CRAFT: Embracing NaNoWriMo as nonfiction writers

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Like many writers, I’ll be spending November trying to churn out 1,667 words each day in order to end the month with a complete novel of at least 50,000 words. National Novel Writing Month has become a fun tradition for many writers who struggle to find the motivation to write a novel-length story any other time during the year. There’s something motivating about joining thousands of other writers from around the world who all have the same goal of completing a novel in the month of November. Novel writing tends to be a lonely endeavor, translating thoughts and ideas that exist only in your mind into scenes on the page. But during November, at least you know you’re not the only one, and NaNoWriMo provides plenty of opportunities for writers to “buddy” up and provide encouragement throughout the month. Even though NaNoWriMo is about writing a novel, there’s no reason you can’t spend the same time writing narrative nonfiction.

Still, 50,000 words in thirty days is a lofty task. How do you make sure you’re up to it?

Begin With a Plan

Typically, there are two types of writers who dive into NaNoWriMo, those who like to begin with a detailed scene-by-scene outline before writing and those who like to just dive in and see where their imagination takes them. Writers who spend a little time on their initial story idea tend to launch into NaNoWriMo with a greater chance of success. If you’re writing nonfiction, spending time on a preliminary outline will give you something ready to flesh out when November 1 comes.

Perhaps you should spend November 1 just working on your outline and begin writing on November 2. You’d just have to add 57 more words per day onto your daily goal to reach 50,000 words on November 30.

In my case, I’ve had an idea forming for several weeks before November 1, so I’ll be ready to begin translating all these ideas onto the page as soon as NaNoWriMo begins. Chances are, you’ve been sitting on an idea for a novel for some time, and you’ve just been waiting for the opportunity to write it to come. NaNoWriMo is just what you’ve been waiting for.

Embrace Imperfection

The most significant benefit of participating in National Novel Writing Month is the writing itself.  The 50,000 words you write in November aren’t likely to be the next Pulitzer prize winner, but at least you’ll be able to say at the end of November, “I finished a book.” For many writers, the feeling of having completed something is worth the time spent. Having a finished book also creates the opportunity to take that book and shape it into something better.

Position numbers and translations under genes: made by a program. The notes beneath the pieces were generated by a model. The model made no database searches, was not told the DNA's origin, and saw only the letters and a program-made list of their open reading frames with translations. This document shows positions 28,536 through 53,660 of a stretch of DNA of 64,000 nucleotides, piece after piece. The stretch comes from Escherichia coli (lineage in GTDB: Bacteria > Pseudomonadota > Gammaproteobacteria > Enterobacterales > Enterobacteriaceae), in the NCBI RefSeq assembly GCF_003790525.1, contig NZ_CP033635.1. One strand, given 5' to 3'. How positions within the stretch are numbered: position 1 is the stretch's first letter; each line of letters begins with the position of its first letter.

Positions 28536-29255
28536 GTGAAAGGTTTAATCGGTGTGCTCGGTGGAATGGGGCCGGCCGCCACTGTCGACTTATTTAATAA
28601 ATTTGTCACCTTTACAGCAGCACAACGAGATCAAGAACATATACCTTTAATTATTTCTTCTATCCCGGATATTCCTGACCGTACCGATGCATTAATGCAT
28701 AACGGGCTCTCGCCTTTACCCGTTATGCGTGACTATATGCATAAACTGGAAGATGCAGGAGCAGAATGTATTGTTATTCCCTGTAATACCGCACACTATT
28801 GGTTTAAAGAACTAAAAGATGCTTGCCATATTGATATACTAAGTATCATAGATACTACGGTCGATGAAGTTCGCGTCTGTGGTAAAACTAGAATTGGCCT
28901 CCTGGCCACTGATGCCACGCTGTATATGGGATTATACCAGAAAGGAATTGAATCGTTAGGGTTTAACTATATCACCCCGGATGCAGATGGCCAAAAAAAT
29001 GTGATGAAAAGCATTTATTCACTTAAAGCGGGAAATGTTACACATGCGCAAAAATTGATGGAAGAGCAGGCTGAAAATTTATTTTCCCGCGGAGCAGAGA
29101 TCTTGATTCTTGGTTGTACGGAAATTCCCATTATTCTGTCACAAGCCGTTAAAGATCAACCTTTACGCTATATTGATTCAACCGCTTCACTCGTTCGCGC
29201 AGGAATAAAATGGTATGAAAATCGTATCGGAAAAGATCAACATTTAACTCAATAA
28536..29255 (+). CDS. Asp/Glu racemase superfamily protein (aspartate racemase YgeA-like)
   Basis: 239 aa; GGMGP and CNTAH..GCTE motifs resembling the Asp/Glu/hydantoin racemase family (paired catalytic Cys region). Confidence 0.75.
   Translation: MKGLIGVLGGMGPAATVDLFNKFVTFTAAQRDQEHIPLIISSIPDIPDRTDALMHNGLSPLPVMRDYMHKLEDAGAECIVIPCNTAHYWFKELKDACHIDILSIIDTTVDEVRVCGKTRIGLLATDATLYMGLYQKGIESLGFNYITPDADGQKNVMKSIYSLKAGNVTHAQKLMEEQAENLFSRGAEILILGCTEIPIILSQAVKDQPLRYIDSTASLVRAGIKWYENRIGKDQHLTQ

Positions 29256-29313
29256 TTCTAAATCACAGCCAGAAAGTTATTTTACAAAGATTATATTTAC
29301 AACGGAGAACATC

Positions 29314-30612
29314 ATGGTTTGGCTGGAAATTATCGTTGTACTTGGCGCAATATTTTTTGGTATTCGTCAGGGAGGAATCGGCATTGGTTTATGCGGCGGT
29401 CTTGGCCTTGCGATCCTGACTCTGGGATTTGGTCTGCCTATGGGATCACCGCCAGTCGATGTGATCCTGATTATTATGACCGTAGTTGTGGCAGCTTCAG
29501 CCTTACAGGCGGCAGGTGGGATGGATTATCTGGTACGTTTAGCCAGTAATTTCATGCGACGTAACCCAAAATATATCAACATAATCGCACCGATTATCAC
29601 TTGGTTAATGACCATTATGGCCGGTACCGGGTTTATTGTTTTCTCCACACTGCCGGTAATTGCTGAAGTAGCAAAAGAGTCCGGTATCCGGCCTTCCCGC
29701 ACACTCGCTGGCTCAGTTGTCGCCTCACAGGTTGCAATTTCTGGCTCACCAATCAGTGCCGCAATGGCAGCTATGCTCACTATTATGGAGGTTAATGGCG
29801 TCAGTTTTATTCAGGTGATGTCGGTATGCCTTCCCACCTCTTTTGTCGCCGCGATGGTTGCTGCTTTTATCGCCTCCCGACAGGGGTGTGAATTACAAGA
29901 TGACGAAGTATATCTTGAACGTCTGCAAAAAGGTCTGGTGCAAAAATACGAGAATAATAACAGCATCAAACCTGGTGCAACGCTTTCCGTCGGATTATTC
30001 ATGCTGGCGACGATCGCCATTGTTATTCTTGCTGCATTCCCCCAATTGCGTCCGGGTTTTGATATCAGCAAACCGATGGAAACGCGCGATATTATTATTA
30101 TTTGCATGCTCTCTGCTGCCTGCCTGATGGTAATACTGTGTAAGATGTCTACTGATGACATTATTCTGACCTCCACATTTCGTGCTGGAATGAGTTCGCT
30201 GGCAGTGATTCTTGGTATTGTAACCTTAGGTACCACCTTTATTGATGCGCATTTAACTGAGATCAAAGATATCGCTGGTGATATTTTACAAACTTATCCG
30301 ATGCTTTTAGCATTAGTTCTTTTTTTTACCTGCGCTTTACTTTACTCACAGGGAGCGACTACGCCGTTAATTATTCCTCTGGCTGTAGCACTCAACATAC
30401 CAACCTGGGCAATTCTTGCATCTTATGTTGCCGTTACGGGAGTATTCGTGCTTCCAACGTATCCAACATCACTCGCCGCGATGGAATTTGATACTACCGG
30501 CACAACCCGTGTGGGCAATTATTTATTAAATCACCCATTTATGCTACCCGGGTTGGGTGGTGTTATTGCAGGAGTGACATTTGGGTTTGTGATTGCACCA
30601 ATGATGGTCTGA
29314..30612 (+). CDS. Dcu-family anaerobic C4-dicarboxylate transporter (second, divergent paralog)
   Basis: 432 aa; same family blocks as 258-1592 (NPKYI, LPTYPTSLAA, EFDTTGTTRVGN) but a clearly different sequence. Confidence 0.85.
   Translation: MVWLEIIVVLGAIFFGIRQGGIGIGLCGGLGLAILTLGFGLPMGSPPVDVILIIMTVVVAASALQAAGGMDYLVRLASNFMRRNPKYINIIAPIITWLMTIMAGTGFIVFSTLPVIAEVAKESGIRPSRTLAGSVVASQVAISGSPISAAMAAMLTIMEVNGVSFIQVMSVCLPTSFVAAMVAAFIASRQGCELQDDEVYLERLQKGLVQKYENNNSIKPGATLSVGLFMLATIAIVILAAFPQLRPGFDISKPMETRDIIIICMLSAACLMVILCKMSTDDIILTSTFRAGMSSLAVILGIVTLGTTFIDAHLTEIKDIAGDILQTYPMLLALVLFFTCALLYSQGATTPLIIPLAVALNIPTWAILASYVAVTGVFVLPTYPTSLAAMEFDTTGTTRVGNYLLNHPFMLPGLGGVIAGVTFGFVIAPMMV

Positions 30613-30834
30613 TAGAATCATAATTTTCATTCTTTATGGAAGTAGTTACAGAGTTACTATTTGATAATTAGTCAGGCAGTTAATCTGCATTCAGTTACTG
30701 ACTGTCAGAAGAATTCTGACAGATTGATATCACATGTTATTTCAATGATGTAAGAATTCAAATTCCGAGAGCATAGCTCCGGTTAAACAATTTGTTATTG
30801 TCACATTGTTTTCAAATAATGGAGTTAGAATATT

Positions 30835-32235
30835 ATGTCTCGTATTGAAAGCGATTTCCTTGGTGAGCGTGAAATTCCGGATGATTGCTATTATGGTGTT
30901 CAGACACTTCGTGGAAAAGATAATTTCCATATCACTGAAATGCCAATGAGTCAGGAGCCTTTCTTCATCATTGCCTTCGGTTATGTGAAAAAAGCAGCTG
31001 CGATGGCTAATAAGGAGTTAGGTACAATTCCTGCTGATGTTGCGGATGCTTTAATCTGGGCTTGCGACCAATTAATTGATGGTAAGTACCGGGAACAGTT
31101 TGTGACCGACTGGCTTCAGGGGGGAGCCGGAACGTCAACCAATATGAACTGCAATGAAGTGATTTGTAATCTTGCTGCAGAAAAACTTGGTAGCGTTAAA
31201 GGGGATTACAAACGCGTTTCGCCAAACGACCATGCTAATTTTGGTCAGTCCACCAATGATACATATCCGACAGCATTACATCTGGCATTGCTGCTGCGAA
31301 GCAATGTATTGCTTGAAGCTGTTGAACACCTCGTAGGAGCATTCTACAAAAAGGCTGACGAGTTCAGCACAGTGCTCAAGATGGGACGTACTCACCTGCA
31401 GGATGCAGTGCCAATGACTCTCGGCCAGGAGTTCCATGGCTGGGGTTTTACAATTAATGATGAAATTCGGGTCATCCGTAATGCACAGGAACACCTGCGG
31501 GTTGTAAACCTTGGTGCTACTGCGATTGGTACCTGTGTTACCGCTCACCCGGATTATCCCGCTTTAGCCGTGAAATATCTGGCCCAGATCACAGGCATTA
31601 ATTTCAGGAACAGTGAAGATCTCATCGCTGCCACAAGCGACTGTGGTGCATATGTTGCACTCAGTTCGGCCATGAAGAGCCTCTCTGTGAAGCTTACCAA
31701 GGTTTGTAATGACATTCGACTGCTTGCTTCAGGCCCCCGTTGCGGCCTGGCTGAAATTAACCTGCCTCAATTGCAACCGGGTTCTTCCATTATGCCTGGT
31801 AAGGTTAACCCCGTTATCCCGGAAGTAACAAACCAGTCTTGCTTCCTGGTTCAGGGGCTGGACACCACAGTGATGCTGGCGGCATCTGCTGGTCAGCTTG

I like to compare writing with creating a sculpture out of clay. Without clay as the raw material, you won’t be able to form anything that matters. The rough draft of any story is like the clay an artist works with to create a beautiful sculpture. During NaNoWriMo, you’re creating the raw material out of which you can shape a story you’re really proud of.

This is important to keep in mind as you’re working on your daily word output. The idea isn’t to write something perfect, so making the backspace off-limits is a good idea. December will be a great time to go back and fix all the mistakes you created in the first draft. November, however, is all about getting the bones of your story down so that you have something to work with in the revision stage.

Now is the Time

If you’ve always wanted to write a novel, NaNoWriMo is a great opportunity to join with thousands of other writers around the world and sprint toward a finished first draft. Make sure to sign up at and chart your progress along the way. NaNoWriMo provides many resources to encourage you along the way as well.

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